One of the main features of Gooloowan is the magnificent library that is present in the hallway of the entrance. With its ornately carved cedar panels, it appears to hold an old world charm that perfectly captures the image of gracefulness that is Gooloowan’s heritage. In 1983 after being in the family for more than 120 years Gooloowan was sold to a local Doctor. Today, the house exists in a semi-original state and stands as a reminder of Ipswich’s rich and diverse history.

Information taken from: “Ipswich City Council Heritage Study”, “Gooloowan – a white stone house that stands on a hill” (QT 13/07/66), “The house on the hill” by Joan Starr, “National Trust Queensland – Ipswich branch: Gooloowan” newsletter, “For God, King and Empire” by John Hunter Farrell (Queensland Homes Winter 1988)


Christine Godfrey

Today I purchased (for a grand sum of $5 at a flea market in Buderim) a large professionally framed photograph of Gooloowan House. Notations on the back identify it as the home of Benjamin & Clarissa Cribb, taken circa 1864. The photograph is in immaculate original condition framed & stamped by F.A. Whitehead’s Studio, Brisbane Street, Ipswich (Telephone No. 191). The photograph is going to look spectacular on the wall in my home at Buderim.


Hi Christine. Thanks for commenting on our blog. It sounds like a great find! Isn’t it amazing that a piece of Ipswich history has made it’s way to Buderim!

Caroline Arena

I too have picked up a fabulous large professional photograph stamped by F.A whitehead Studio etc.from a church garage sale at Buderim. It is a wedding photo of Harry Gordon Cribb and Emily Grace(Trevaskes) Cribb dated 12.3.1913. It is in its original oak frame. I would love to find someone who would treasure it, a family member or historical society.Its a beautiful piece of history.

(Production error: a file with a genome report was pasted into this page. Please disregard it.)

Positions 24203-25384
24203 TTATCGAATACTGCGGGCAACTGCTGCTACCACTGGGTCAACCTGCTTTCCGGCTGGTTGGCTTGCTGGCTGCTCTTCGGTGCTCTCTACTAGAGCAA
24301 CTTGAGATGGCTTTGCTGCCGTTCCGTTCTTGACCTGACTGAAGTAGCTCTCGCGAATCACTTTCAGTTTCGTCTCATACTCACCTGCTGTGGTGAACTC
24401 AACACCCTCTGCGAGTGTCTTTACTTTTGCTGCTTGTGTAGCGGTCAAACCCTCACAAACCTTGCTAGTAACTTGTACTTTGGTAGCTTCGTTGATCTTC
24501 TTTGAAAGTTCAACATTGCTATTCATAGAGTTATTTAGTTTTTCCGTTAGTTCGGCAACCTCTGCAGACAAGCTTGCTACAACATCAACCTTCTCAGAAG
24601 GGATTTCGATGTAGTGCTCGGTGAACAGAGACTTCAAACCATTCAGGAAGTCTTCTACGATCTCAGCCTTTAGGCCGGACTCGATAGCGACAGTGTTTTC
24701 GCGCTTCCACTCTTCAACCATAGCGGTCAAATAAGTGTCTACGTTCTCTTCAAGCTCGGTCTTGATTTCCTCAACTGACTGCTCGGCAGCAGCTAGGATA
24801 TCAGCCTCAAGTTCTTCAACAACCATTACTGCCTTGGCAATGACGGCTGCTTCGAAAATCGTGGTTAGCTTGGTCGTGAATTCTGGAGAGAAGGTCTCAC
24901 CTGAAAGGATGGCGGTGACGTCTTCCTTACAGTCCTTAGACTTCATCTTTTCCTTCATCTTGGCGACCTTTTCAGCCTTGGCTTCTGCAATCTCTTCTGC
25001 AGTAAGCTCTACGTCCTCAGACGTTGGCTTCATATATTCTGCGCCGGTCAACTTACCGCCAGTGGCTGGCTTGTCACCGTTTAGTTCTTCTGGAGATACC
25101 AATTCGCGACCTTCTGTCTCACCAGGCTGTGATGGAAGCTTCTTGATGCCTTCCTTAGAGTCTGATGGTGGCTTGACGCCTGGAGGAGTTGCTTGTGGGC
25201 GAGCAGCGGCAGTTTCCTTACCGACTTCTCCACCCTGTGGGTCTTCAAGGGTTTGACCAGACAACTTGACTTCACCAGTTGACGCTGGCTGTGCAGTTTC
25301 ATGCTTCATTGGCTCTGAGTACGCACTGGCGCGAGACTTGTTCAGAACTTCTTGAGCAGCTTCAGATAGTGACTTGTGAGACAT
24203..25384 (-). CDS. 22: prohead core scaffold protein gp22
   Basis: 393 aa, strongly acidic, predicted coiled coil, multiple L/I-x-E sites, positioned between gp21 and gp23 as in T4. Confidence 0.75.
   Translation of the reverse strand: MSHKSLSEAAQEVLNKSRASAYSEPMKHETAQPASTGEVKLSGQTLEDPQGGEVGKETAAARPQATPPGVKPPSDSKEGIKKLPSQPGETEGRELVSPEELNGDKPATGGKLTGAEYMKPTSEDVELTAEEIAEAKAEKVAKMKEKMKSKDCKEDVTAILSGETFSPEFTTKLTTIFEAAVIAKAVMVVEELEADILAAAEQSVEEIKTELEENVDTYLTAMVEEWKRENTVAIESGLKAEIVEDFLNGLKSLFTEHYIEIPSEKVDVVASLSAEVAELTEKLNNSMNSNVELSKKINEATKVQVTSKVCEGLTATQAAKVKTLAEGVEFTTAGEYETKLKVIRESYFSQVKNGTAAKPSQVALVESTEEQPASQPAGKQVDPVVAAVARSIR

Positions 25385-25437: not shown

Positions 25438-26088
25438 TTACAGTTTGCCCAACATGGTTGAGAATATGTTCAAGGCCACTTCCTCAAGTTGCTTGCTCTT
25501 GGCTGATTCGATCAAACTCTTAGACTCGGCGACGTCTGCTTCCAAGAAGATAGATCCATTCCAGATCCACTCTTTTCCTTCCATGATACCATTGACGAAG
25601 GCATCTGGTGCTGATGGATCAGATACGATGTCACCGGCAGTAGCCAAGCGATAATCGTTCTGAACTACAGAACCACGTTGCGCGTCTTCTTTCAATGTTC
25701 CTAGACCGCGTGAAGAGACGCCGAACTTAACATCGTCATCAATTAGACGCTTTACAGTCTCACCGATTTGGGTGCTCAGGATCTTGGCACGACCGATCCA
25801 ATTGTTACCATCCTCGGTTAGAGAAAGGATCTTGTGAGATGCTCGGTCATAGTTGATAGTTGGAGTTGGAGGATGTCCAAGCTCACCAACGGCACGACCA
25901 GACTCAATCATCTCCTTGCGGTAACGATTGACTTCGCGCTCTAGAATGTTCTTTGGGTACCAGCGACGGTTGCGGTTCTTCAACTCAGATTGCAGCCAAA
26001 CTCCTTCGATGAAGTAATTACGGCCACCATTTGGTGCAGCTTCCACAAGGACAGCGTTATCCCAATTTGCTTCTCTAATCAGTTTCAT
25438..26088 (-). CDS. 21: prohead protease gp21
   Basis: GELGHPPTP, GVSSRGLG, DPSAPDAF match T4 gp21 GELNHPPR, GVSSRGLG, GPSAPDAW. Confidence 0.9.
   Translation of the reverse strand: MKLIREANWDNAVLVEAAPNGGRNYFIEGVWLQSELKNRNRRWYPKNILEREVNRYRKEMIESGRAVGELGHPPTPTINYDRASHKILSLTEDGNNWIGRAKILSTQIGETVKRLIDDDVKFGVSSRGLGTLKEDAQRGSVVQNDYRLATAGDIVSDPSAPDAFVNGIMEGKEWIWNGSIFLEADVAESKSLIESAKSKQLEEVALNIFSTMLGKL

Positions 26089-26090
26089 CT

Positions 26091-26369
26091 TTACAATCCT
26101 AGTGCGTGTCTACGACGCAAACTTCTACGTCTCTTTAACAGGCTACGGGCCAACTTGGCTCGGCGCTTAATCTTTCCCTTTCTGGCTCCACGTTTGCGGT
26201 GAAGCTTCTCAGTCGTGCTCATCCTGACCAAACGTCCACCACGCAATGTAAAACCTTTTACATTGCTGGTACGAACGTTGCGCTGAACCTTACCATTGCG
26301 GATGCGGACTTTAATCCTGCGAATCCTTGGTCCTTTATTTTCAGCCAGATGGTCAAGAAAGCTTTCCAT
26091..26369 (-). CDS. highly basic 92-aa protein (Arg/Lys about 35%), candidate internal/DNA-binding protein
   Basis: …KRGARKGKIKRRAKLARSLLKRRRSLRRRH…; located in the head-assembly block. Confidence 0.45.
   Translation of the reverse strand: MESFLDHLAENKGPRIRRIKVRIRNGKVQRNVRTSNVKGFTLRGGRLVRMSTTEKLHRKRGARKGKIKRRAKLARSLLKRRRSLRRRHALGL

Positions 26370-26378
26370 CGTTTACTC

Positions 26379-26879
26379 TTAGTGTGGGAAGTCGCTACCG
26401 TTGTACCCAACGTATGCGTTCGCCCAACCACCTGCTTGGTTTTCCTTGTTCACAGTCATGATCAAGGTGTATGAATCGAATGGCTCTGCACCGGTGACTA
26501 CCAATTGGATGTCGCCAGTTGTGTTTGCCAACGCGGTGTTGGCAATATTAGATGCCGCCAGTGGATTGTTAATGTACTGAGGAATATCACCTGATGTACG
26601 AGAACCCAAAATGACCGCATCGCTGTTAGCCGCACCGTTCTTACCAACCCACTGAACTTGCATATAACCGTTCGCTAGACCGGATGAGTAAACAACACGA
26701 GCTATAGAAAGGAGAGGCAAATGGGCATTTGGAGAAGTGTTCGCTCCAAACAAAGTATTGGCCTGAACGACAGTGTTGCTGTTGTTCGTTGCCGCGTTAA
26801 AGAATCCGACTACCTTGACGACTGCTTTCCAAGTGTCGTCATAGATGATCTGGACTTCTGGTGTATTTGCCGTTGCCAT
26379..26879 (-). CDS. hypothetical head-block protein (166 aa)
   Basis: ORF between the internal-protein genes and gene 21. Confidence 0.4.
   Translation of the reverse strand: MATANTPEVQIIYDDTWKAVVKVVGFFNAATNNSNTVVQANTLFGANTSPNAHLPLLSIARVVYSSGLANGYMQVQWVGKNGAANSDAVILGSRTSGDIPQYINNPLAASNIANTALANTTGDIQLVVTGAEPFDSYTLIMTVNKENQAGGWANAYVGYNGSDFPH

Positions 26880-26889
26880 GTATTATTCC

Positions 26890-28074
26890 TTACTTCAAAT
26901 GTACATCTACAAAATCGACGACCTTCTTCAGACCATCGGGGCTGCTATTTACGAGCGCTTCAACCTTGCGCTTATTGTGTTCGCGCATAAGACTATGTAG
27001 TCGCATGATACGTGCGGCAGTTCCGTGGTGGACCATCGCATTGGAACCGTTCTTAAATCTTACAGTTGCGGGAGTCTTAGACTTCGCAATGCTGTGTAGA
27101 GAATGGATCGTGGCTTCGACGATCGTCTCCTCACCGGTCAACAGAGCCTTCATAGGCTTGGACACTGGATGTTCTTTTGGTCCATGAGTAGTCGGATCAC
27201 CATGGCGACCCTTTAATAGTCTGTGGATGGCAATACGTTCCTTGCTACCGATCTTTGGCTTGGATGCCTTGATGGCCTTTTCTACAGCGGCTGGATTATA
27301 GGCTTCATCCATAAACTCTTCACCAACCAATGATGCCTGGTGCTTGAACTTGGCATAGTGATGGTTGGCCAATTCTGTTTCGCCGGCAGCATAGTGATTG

Hi Caroline,
Thank you for your comment. We have sent an email to you with regard to this photograph.
Thanks again

Genevieve Isbell

Hi Caroline,
I just read your post. We live here at Gooloowan and I open the house all the time to the public. I have a lot of the history stored here and would love the photo of Harry and Emily Grace Cribb if you have not already passed it on.
Hope to hear from you,
Best wishes,

Mary Petersen

Hi Christine, my great grandma is Clarissa Cribb…I would love to be able to get a copy of photo you if ar all possible…Thanks> Mary Petersen


Hi Genevieve,
I was wondering how I get in contact with you regarding the possibility of using your house for a Bond University Graduation Film?
Thank you so much

Gordon Barlow

I’m too old to have kept up my family-history research, but just wanted to report that Emily Grace Trevaskes was the second-cousin of my maternal grandfather Norman Hancock (1883-1950) in Ipswich. I got that information from Viva, with whom I exchanged several letters in the years 1977-82. I’d like to know her date of death, if somebody would be kind enough to email me. Thanks.


Thanks for commenting on the Ipswich Libraries’ By the Bremer site, Gordon.

We will contact you with the date of Viva’s death.